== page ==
After a quick bite, we began exploring Florence. One of my travel rules is when it looks like rain is coming, I’ll do museums and churches. As you probably know, my sister and me were completely on our own so I used a lot of resources and free guides on the internet for our trip, one of which was the suggested walking tours by National Geography Travel. It’s simply a small map of adjacent places of interest in one or two specific parts of a city and briefly instructs us where to begin, where to end and what to see in between. I used THIS but improvised a bit that afternoon by heading to Basilica of Santa Croce first because it was indoor. We also figured that we would pass by almost all other suggested places on the map so voila, one stone two birds. Plus, for the rest of the afternoon, we were only in the mood for wandering and feeling Florence.
The exterior of Basilica of Santa Croce is striking and bears some resemblance in architecture and color combinations to the Duomo that I just saw on our way. The interior, however, is definitely different from that of the churches in Rome. It’s more austere in design, but not any less mesmerizing. For me, it was refreshing and a much-needed break from the opulence overload we had experienced previously. Some of the greatest talents namely Michelangelo, Galileo, and Machiavelli among others were buried there, so it’s even more special.
Gelato in Florence is supposedly even better than in Rome, so apparently we had to validate that. We went in a random shop near Santa Croce, whose name I forgot to note down. The gelato was incredibly delectable. Fret not, I firmly believe that it’s not the best in Florence. I still don’t know which one is, though.
Other than the Duomo, my second obsession in Florence was bicycles. Never had I seen so many nice bikes. I love living where riding a bike is the prevalent choice of transportation. It’s healthy, environment-friendly and chic.
The chicest bike in town…The most fashionable bike in town…By 6-ish, we started trekking back. On the way back, we passed by Piazza della Signoria, Palazzo Vecchio and Piazza del Duomo among others. Florence truly is the hub of arts. Everywhere you go, you’re overwhelmed with one form of arts or another. For dinner, we chose Zio Gigi. We stayed in Florence for 5 days and dined at this restaurant twice. I came across this restaurant when I did my due diligence. It does receive some serious rave reviews. On our first visit, we had a sumptuous dinner.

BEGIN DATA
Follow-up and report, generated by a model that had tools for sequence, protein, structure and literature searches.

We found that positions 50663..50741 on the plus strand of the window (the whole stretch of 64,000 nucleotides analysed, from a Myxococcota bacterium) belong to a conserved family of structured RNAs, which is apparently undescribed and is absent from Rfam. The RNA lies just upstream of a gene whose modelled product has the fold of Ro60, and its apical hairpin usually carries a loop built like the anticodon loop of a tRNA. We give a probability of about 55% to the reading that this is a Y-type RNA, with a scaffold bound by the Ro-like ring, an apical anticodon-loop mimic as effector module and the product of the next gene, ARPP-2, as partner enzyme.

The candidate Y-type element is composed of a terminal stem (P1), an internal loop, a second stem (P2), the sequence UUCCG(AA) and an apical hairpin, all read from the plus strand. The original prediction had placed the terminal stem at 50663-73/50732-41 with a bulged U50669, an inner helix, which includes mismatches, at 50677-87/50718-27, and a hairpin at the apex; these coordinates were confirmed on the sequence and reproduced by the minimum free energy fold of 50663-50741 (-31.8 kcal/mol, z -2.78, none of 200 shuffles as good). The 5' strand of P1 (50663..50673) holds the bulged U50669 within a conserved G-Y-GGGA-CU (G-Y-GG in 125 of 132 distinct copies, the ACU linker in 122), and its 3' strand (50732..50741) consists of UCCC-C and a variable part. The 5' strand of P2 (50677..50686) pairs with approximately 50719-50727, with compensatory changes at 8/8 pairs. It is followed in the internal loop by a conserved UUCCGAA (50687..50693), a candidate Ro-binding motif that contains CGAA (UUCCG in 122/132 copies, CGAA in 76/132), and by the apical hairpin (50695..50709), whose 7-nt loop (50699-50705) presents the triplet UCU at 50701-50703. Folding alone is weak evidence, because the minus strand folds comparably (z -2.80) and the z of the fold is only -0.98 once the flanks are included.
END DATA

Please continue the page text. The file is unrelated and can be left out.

I had one of the best baked salmon in my entire life while my sister thoroughly enjoyed every bit of her gnocchi. The seafood salad we shared was incredibly heavenly as well. I’m not kidding you, but it was one intense episode of foodgasm. The prices are very reasonable to boot. The customers were a mix of tourists and locals while the atmosphere was lively all courtesy of the rambunctious, humorous six-foot-five-and-300-pounds owner. It can get very busy later in the evening, so arrive early if patience isn’t your strength.
Overall, two thumbs up without hesitation! My food photography is virtually non-existent, so if the food doesn’t look as savory as I have made it sound like, my apologies 😉
OK, the very first evidence that I’m ridiculously obsessed with the Duomo. We were walking around the Duomo while a street band started playing. Then, out of nowhere, the children started gathering and playing along the music. You know I’m not a hopeless romantic, so I usually conjure up those romantic scenes in only novels and movies. But it was real here in Florence. We sat and watched with amusement how the children were so innocent and well-behaved, not the usual mise-en-scene of screaming and shouting I witness on a daily basis here in the third world. Some kids are actually yelling and crying outside my place as I’m typing this.
While there, I had an interesting conversation with a family from Colorado. I really, really love that many Americans have instilled in their children the curiosity to explore the world at such a young age by taking them abroad. The daughter is only 10 years old, but she has been to more countries in Europe than I have and exudes a sense of maturity that I know first hand can only be attained when you step outside of your little bubble called hometown.
I went to a small college in the midwest, so God forbid I encountered a lot of those who had never ventured outside their states. Their cultural ignorance mortified me. I know very well that external circumstances such as time and money are important factors, but c’mon your first-world passports allow you to go EVERYWHERE and Benjamins are still among the most valuable in the world. There’s a zillion ways to travel cheap if you want to do it. At the end of the day, it all boils down the inner desire to see the world. That was my final thought of the day before I drifted off…